I’m deeply saddened by Colombian President Gustavo Petro’s decision to respond to a man-made calamity, on the brink of a calamitous reprisal, by taking to Twitter and using inflammatory language that does nothing to bring peace closer.
The world needs to hear wisdom right now, especially from the leader of a country that’s struggling to heal the wounds of its own generations of man-made calamity. The Colombian people need to hear wisdom.
That’s all. Except for this Thich Nhat Hanh quote.
If one terrorist group is violently destroyed, another will emerge; it’s endless. So I told the editors, “When you report on terrorist acts, use your compassion and deep understanding. Explain the story in such a way that the reader doesn’t become enraged and perhaps become another terrorist.”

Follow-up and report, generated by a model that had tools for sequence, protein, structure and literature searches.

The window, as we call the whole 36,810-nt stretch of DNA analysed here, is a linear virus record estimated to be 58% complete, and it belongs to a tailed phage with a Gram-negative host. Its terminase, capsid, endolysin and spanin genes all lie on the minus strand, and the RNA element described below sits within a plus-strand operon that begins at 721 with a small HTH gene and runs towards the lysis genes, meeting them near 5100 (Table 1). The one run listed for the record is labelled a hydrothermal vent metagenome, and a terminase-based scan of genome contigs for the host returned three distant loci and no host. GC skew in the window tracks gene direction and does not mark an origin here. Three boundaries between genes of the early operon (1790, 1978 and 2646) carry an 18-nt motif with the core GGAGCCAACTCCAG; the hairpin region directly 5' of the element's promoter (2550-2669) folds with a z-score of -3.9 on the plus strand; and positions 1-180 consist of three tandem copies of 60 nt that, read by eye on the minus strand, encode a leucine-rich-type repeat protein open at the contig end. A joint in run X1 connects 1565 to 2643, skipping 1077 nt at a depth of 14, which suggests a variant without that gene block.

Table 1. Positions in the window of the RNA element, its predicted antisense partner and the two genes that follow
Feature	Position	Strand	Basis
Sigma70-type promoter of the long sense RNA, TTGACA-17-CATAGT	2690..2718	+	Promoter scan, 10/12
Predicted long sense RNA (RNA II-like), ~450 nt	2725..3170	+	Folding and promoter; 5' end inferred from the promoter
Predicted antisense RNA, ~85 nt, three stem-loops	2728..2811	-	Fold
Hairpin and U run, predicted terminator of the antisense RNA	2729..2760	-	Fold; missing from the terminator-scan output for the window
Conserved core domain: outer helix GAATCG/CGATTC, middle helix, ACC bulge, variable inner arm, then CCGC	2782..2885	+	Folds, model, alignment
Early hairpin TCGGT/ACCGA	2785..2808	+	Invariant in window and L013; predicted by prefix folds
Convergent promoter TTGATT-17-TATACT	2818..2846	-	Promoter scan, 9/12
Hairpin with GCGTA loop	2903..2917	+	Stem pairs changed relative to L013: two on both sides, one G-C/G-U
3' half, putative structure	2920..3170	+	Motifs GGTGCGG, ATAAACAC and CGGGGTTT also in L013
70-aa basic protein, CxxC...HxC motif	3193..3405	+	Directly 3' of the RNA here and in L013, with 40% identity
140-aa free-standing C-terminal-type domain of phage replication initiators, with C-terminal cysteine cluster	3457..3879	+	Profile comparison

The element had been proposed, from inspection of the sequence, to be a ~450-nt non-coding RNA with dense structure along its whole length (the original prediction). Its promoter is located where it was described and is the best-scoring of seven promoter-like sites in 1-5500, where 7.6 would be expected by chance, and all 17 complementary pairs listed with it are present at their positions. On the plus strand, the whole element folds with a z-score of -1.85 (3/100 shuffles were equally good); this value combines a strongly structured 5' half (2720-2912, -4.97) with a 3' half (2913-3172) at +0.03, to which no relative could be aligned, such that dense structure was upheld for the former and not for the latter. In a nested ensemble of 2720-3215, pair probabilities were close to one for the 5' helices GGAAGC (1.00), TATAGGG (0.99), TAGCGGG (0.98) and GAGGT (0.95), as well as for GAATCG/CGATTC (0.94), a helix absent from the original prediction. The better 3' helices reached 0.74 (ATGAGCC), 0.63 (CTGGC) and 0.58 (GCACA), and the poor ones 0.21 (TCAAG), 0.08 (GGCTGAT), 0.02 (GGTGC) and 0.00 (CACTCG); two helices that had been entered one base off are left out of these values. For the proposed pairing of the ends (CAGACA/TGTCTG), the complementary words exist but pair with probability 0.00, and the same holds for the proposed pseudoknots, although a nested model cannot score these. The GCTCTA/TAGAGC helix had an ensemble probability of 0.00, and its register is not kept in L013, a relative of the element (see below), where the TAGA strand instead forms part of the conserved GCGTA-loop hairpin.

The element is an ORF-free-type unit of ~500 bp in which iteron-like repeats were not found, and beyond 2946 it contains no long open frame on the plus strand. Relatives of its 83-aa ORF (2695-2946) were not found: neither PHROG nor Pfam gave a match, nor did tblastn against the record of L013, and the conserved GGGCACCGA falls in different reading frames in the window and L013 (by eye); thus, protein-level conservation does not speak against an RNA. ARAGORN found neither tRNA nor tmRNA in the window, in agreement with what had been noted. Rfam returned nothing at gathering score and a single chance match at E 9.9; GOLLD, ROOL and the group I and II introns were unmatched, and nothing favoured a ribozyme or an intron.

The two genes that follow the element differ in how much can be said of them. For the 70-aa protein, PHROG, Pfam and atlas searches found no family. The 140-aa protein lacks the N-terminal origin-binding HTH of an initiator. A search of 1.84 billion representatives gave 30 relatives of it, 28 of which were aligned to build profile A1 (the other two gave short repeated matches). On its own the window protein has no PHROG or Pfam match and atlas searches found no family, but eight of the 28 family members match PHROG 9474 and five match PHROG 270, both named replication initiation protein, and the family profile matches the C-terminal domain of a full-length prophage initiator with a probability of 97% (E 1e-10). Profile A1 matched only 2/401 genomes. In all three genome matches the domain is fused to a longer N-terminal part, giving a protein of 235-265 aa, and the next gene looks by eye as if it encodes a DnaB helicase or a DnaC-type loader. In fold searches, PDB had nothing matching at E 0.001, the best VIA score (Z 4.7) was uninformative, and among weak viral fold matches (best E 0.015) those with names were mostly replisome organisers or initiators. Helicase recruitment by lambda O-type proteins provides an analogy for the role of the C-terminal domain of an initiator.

We can tell the truth, but we must help people understand. When people understand, their anger will lessen. They don’t lose hope, they know what to do and what not to do, what to consume and what not to consume in order not to continue this kind of suffering. So my message that morning was that we should reflect and discuss events in a way that will not increase the despair and the anger in people. Instead, we can help them to understand why things happen, so their insight and compassion increase. We can make a big difference with the practice of looking deeply. The solution isn’t to hide the truth.